Foursquare – fun game or impending privacy nightmare?

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As we just reported today, Foursquare, the location based social game from Silicon Valley, launched today in London. I’ve duly signed up to check it out, and tweeted out my username to see who’s out there on the system that I know.

First of all the site has no setting to stop receiving emails when someone requests to be your ‘friend’ on Foursquare. That’s not a privacy issue, but it is incredibly annoying. This is possibly their version of a ‘viral loop’. I call it spam/ham. Yes, I can set up a filter, but it’s not an ideal solution. That’s not my main beef with Foursquare.

My main beef right now is the utter lack of sophistication in the privacy settings on location. Let me explain.

This morning I got a friend request from a “Rebecca C.” In the blizzard of Twitter and friend requests on Twitter and other networks I get I simply presumed this was a tech scene person who follows me on Twitter, is probably in London (half the point of Foursquare) and accepted the request, thinking nothing of it. I also activated push alerts on the iPhone app.

The next thing I knew I had a push alert in my iPhone. I’ve atached an edited screenshot of it. Now, I actually don’t know where Rebecca C. lives, so it was a shock to find that she’d put her apartment address into her published location.

Granted we are ‘friends’ on Foursquare so this wasn’t data which was published to the entire planet.

However, it’s quite clear from the above that many people are not going to understand how and to whom they are publishing their location, particularly their home address, on Foursquare. We are all used to the notion of sharing pictures and status updates on social networks. Publishing our location is still a new thing. I know plenty of geeks using Brightkite in the UK, but it’s far less likely to go as viral as Foursquare’s game has already in the US. And it’s likely that with Foursquare’s targeting of London, which is also Twitter’s biggest city, this will become a much bigger issue.

By contrast Rummble, the UK startup which operates not as a game but as a location based trust and reviews network, has far more sophisticated, granular settings for location/relationships (see image). It has a sliding bar for setting your relationship to someone.

I predict all sorts of mainstream media kerfuffle about Foursquare and privacy, not least because of how it will tie into Twitter, which is a media dahling at the moment.

  • http://blog.david.bailey.net davidjwbailey

    not going to take long before “adult services” spam this to death, is it.

    why do designers always assume “good” on the part of users? spending just a week thinking of what “evil” might use your application for is a reasonable use of a design teams time.

    if they can’t, ask me, I can be evil on demand :-)

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  • http://www.zendigital.be roningirl

    We are still Foursquare- (and Rummble)-bereft in Brussels, and I had been eager to try it out. Thanks for the heads-up, and mostly for using the word “kerfuffle”! :D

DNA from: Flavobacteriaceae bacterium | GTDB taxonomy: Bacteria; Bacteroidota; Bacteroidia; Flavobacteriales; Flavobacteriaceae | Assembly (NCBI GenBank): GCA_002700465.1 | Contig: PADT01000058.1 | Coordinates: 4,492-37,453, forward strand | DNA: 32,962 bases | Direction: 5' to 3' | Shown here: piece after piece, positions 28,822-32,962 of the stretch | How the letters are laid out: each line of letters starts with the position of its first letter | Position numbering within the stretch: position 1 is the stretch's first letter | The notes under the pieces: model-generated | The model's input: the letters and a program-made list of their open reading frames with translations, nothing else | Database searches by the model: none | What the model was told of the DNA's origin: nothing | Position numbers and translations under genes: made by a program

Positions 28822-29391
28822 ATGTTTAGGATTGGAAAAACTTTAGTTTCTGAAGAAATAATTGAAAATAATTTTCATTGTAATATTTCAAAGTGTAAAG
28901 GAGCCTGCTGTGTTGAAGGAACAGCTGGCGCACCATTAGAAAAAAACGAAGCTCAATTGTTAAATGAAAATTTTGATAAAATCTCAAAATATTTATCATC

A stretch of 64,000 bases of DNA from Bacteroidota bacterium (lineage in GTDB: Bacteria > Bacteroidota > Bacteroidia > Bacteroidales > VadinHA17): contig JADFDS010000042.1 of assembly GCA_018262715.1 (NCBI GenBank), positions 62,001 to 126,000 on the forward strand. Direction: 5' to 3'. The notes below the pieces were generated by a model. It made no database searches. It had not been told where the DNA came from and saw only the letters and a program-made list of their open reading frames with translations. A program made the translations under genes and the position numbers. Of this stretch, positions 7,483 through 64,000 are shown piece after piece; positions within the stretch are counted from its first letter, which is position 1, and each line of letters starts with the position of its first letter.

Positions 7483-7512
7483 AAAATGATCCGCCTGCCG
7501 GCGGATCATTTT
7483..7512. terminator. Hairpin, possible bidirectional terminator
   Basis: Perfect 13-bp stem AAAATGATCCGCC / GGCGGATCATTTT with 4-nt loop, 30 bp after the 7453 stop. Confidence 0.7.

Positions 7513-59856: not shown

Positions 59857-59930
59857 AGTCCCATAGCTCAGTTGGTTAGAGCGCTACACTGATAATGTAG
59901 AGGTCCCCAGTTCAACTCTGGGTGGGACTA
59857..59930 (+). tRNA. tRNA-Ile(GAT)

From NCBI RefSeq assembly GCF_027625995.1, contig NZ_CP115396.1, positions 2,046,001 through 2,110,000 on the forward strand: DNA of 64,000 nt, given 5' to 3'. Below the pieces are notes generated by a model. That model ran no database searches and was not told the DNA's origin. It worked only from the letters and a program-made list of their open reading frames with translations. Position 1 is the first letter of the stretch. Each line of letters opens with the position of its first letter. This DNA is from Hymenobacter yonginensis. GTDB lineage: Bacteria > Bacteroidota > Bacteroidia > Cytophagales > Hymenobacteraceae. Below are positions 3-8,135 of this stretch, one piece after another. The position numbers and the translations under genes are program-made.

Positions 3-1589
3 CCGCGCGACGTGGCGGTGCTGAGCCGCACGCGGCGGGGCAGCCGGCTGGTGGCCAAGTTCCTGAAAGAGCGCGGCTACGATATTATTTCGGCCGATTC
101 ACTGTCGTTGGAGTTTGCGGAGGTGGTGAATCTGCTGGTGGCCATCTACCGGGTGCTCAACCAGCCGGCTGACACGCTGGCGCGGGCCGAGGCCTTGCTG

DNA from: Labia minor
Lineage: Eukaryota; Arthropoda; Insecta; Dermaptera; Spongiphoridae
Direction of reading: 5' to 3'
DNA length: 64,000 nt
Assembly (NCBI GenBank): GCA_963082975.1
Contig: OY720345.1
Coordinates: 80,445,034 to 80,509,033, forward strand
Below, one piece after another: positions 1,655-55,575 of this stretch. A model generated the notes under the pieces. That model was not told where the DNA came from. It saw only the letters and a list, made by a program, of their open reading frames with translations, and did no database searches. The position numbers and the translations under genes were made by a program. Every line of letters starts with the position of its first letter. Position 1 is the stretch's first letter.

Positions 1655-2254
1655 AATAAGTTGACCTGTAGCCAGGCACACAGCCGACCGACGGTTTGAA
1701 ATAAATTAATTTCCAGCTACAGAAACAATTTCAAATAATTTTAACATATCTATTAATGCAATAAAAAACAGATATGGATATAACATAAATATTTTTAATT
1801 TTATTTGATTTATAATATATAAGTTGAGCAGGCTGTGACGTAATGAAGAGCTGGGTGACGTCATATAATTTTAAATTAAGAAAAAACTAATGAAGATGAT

• http://www.facebook.com/people/Julian_Bond/501829088 Julian Bond

    Oy vey. Why can’t somebody (anybody) do for “Where am I” what Twitter did for “what am I doing/thinking”. I keep looking at these geolocation apps and they all suck. The most annoying is when they aren’t global by design from day one. Or when they use the Craigslist-esque, city paradigm. How many half way decent apps have you seen that only work in California or generate the same old kerfuffle because your city, neighbourhood or boring little UK market town isn’t included?

    Our good friends at Fireeagle thought long and hard about all the privacy aspects but I’m still waiting for some solid app that uses it. Then we have all that browser and mobile geolocation , GPS, cell triangulation, wifi hotspot goodness just waiting to be used.

    I know this stuff isn’t easy but come on, somebody, anybody, please work it out.

  • http://www.simplyzesty.com Niall Harbison

    Really interested to get my hands on this and hope they roll it out past London soon. From what people are saying in the USA it is the cool kids using it rather than the more geeky middle aged element using Twitter so the adoption will be a lot quicker and kids should also get into it as there is a game factor to it. The privacy issue would be a real worry with kids and I would also be pretty wary of updating it when at home as I wouldn’t really want people knowing where I lived

  • http://www.facebook.com/people/Matthew_Anderson/660044514 Matthew Anderson

    The spam (sorry email) settings on Forsquare are annoying and need to be sorted. If I activated all my emails from the various networks I am sure that I would take my email server down.

    Privacy is a big issue with social networks and I am surprised that Forsquare gives out such information so easily. You say that you were not her friend?

    Personal info on any network is not new (just look at what info Facebook asks you for).

    We must be careful about what we give away online, even a Tweet such as – “I am going on holiday for two weeks” could end up with your house being burgled!

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